While Biden has increasingly used comedy to go after Trump, his default rhetorical style generally isn’t about going for a punchline.

“He used the phrase ‘Not a joke, folks’ more than actual jokes,” a former aide said.

When it comes time to deliver a comedic speech, the task of writing it is usually a group affair, with jokes submitted from different parts of Biden’s orbit. Katzenberg, in particular, urged Biden to include more self-deprecating jokes about his age.

Biden will give some guidelines to his writers as they embark on the process, including naming areas he thinks should be off-limits or places where he wants to strike a more serious note.

Staff members — even those who aren’t part of the speech-writing team — submit joke ideas, some of which become part of the speech and some of which are thrown in.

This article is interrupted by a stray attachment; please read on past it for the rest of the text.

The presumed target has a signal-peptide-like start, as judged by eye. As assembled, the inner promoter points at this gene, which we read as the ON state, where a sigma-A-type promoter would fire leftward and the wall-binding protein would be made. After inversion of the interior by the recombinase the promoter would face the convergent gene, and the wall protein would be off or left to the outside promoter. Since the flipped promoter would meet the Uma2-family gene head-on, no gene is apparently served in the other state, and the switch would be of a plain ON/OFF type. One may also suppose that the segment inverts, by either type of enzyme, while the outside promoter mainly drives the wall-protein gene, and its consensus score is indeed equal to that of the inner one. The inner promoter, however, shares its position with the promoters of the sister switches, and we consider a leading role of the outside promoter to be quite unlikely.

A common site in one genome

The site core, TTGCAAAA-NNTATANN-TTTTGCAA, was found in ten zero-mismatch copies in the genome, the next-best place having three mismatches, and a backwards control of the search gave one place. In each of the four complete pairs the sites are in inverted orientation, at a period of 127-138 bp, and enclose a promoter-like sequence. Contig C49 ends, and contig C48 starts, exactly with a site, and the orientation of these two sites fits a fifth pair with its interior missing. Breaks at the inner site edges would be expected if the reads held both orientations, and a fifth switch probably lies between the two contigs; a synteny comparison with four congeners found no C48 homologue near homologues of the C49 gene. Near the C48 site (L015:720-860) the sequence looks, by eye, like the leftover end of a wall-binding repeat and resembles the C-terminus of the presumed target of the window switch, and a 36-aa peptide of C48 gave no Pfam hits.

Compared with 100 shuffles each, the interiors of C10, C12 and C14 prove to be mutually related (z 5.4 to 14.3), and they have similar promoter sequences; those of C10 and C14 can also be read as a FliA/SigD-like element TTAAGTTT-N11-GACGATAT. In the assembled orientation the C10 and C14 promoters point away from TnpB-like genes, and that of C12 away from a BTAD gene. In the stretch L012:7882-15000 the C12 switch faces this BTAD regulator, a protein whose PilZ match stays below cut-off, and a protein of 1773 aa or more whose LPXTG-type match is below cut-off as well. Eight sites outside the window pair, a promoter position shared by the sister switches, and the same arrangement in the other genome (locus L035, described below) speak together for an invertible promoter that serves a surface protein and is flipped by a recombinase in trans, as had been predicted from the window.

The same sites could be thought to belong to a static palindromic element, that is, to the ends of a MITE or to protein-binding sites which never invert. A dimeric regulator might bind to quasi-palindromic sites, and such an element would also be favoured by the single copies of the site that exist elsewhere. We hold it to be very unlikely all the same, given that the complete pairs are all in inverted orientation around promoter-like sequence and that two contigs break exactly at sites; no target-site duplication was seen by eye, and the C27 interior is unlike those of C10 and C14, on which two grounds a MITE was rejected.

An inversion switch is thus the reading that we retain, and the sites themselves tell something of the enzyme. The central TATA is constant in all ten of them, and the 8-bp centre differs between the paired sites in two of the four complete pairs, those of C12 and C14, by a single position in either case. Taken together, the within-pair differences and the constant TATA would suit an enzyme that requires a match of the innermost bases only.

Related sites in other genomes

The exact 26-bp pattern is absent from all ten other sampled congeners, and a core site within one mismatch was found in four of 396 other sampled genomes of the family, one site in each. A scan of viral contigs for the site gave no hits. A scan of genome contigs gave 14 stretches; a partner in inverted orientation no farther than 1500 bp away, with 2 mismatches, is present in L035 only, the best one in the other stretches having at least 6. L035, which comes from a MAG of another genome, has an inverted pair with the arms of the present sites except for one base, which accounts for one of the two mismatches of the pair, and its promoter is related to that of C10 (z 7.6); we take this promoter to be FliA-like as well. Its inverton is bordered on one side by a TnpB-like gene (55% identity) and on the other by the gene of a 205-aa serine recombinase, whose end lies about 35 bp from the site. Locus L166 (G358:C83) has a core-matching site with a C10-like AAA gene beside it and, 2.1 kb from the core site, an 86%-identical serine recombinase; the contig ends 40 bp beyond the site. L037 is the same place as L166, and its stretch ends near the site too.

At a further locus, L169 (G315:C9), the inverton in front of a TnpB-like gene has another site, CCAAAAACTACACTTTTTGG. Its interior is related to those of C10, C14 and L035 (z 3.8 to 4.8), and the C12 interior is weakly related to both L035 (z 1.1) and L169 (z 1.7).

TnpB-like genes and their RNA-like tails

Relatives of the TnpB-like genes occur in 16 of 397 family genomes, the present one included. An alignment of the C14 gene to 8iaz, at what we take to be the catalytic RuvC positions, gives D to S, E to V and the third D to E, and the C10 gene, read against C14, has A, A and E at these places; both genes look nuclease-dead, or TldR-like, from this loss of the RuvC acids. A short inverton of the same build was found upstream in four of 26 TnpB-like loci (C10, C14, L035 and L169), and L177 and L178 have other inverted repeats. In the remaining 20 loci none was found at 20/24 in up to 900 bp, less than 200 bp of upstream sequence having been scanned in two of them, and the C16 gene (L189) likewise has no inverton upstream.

In recent years, Rob Flaherty, former director of digital strategy and now deputy campaign manager, and Dan Cluchey, senior speechwriter, have been cited as sending some of the most choice materials.

Biden, when he was vice president, also sought outside help for the comedic speeches he gave at the annual Gridiron dinner and in other light-hearted settings. Among those Biden turned to was Jon Macks, a lead writer for “The Tonight Show with Jay Leno,” who also wrote hosting material for dozens of Oscar ceremonies, as well as a vast constellation of knowledge. A person involved in the process when Biden was vice president recalled a submission from Seth Meyers, then the editor-in-chief of “Saturday Night Live.”

Before big speeches — and, because of the importance of timing and cadence, especially comedic speeches — Biden practices with groups of aides.

At past dinners, Biden has alternated between funny and serious. Toeing that line could be a trickier balance at this year’s dinner, against the backdrop of a war and hunger crisis in Gaza and unrest on college campuses across the country, during which some police officers have had resorting to heavy-handed tactics to disperse groups of students. protest against this war.